Merlin Air will be a charter service with “mini-hubs” at several airports, but its hangar will be at Langley. bour. The design and planning of the new hangar has completed and is expected to be finished in 2014, but Merlin will be flying before that. Xavier said he hopes to be open at Labour Day. They’ll start by using a temporary quarters, on the same spot used by Harbour Air when it operated a route out of Langley. When completed, the new facility will have offices, a business centre, an all-weather observation patio, and a high definition 360-degree camera set up to allow people to watch the airport year round. For arrivals and departures,

there will be a two-gate dual aircraft ramp system. The $1.5 million terminal and the associated business the charter service generates should bring economic spin offs for Langley, said Xavier. It will directly employ about eight staff by Christmas and between 12 and 16 by the time the hangar is finished next year. Xavier said Langley was chosen for its position in the geographic centre of the Fraser Valley, close to border crossings and within a short drive of 300,000 people. He’s looking forward to the first flights. “We’re very excited about it,” Xavier said.


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75th Anniversary

Tu esday, June 18, 2013

Traffic control

Langley Regional Airport


Keeping an eye on the friendly Langley sky The people keeping an eye on safety in the airspace take their job seriously.

the ground, which means getting information from pilots before and during their travel from hangars towards the runways. The two controllers will typically switch every hour, along with taking brief breaks to stay sharp. In addition to watching aircraft, the by Matthew Claxton controllers have to keep an eye on the various service vehicles that drive around the airport, such as fuel and maintenance For a small regional airport, the runtrucks, if they’re going to intersect with ways and airspace around Langley are an area used by aircraft. pretty busy. A tower controller, whether Beaudet or On the first Saturday in June, there were 600 takeoffs and landings at Langley his colleagues, keeps track of flight patterns on one of several computer screens. Regional Airport, not to mention the Another displays the positions and a fournumerous aircraft that passed through or letter transponder code identifying craft near its airspace. in the air. Just to the northeast of Langley Beaudet is on the radio Airport’s zone is the Glen every few minutes while Valley practice area, where working, talking to pilots “Our job is to make new pilots from Boundary in the air, usually advisBay, Chilliwack, Langley, sure airplanes don’t ing them of other aircraft or Pitt Meadows often hit each other.” nearby. travel to work on their Not all of them are flyYves Beaudet skills. ing in the airport’s control Anything that passes zone. through Langley’s air“If I have time, I can deal with people space, a six-mile diameter control zone, is outside my control zone,” Beaudet said. the job of the air and ground controllers Aside from avoiding collisions, the confrom Nav Canada, in the tower that sits trollers want to keep planes on course near 216th Street and 56th Avenue. “Our job is to make sure airplanes don’t when it comes to nearby residential areas. hit each other,” said Yves Beaudet. Noise abatement rules means planes are That’s the big responsibility, although supposed to follow certain corridors when there’s a lot more to it. taking off near built-up residential areas. There are two working controllers minThe controllers have to act as noise cops imum while the tower is operational. and remind pilots to avoid houses. One of them handles the tower control, Langley Regional has a 2,100 foot runwhich includes the runways for take offs way. and landings, the helipads, and the air“It’s quite short, for a controlled runspace up to 1900 feet. way,” said Beaudet. The other controller is responsible for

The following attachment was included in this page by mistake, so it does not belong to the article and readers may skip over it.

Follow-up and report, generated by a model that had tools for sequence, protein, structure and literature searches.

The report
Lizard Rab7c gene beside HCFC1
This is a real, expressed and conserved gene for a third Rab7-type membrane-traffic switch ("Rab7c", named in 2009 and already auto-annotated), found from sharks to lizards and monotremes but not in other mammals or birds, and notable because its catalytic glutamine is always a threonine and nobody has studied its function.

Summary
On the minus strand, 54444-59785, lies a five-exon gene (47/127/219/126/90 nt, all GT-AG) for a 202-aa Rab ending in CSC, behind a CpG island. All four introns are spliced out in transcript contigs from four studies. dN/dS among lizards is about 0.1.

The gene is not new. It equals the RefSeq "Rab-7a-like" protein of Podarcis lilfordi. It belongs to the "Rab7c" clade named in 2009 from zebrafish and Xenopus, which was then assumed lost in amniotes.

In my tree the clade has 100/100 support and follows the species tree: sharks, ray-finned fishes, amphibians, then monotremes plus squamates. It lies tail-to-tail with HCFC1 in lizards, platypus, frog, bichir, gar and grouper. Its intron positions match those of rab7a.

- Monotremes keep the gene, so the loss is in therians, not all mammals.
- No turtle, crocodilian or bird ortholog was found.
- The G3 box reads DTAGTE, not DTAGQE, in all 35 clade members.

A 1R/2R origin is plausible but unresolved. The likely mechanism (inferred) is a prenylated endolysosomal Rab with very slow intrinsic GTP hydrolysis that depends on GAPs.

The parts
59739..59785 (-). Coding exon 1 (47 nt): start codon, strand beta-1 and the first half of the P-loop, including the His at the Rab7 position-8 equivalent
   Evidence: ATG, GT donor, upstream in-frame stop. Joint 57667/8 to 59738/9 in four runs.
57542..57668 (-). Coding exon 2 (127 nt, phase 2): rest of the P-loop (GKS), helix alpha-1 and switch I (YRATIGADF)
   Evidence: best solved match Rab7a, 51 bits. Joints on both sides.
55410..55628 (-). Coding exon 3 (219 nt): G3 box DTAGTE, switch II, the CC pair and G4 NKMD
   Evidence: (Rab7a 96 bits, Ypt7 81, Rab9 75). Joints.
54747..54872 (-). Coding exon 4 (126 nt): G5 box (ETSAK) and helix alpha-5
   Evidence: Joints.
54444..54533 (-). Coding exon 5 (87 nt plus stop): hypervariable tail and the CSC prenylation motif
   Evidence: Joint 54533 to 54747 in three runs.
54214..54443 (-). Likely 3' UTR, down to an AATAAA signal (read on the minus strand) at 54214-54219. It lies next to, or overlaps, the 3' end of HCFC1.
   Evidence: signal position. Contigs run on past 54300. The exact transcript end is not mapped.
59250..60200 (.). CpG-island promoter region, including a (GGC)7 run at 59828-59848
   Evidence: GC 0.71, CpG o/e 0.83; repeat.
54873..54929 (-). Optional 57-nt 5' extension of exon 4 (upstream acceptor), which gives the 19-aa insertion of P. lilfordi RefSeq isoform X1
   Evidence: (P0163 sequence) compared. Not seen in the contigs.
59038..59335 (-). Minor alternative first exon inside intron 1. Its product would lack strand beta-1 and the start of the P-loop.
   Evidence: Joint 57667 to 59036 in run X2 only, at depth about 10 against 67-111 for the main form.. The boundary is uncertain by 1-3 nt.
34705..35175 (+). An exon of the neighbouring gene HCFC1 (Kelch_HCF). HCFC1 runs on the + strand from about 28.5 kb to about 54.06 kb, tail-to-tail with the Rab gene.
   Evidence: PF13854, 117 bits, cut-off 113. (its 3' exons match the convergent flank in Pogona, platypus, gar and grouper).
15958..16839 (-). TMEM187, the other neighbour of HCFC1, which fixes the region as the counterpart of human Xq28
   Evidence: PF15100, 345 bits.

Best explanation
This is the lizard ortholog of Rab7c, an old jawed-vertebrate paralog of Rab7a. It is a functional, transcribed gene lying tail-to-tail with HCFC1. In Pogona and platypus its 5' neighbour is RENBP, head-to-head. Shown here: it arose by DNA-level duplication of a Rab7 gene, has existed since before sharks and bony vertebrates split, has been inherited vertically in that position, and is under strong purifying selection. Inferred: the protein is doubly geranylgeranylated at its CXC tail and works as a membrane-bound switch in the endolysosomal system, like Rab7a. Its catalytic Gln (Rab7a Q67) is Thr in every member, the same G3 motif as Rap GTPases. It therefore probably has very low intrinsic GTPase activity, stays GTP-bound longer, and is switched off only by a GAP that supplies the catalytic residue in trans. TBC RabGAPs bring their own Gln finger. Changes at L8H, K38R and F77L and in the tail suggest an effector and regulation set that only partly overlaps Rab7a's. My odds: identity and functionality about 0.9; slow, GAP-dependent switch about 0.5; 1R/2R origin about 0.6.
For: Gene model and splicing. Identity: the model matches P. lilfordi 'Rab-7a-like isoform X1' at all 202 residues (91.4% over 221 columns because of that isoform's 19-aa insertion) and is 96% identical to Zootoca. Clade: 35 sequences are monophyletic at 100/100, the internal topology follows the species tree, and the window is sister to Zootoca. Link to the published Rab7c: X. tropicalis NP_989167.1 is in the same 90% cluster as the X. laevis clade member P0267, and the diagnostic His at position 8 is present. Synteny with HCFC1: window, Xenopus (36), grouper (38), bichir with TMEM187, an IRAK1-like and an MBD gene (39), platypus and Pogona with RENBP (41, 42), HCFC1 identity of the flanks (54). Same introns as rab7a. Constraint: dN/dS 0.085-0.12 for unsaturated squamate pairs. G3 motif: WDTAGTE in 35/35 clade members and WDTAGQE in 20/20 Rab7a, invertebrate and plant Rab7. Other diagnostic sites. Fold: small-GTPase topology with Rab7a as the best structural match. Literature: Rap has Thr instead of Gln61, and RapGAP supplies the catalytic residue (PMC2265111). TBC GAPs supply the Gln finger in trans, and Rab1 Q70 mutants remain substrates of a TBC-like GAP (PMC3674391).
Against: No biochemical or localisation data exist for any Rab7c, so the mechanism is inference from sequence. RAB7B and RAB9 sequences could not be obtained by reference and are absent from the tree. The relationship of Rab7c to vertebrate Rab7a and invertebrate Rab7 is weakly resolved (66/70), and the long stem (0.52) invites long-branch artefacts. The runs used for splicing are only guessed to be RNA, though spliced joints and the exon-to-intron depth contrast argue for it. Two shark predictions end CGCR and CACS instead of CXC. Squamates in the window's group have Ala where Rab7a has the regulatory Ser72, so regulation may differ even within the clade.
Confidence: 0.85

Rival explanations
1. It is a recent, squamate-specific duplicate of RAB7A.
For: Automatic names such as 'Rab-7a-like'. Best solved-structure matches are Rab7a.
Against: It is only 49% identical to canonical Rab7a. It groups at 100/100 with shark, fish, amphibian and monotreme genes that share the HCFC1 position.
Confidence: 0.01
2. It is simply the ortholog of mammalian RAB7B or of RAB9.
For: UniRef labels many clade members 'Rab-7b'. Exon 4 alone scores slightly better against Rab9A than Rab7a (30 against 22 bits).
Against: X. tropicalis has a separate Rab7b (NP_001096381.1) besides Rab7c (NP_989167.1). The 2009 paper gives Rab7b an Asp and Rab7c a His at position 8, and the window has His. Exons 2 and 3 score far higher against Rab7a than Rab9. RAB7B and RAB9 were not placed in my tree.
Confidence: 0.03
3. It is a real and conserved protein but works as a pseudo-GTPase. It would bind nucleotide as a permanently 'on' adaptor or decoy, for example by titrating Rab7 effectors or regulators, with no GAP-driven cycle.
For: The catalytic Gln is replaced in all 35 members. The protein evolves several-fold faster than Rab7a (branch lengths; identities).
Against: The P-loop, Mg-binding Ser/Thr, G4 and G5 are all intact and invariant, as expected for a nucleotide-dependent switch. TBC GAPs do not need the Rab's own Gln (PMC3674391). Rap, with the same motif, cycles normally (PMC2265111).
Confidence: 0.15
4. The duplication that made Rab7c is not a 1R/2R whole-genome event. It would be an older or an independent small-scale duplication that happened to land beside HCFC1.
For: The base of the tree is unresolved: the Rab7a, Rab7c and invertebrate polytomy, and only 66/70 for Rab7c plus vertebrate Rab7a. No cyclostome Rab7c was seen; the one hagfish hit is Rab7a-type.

Matthew Claxton/Langley Advance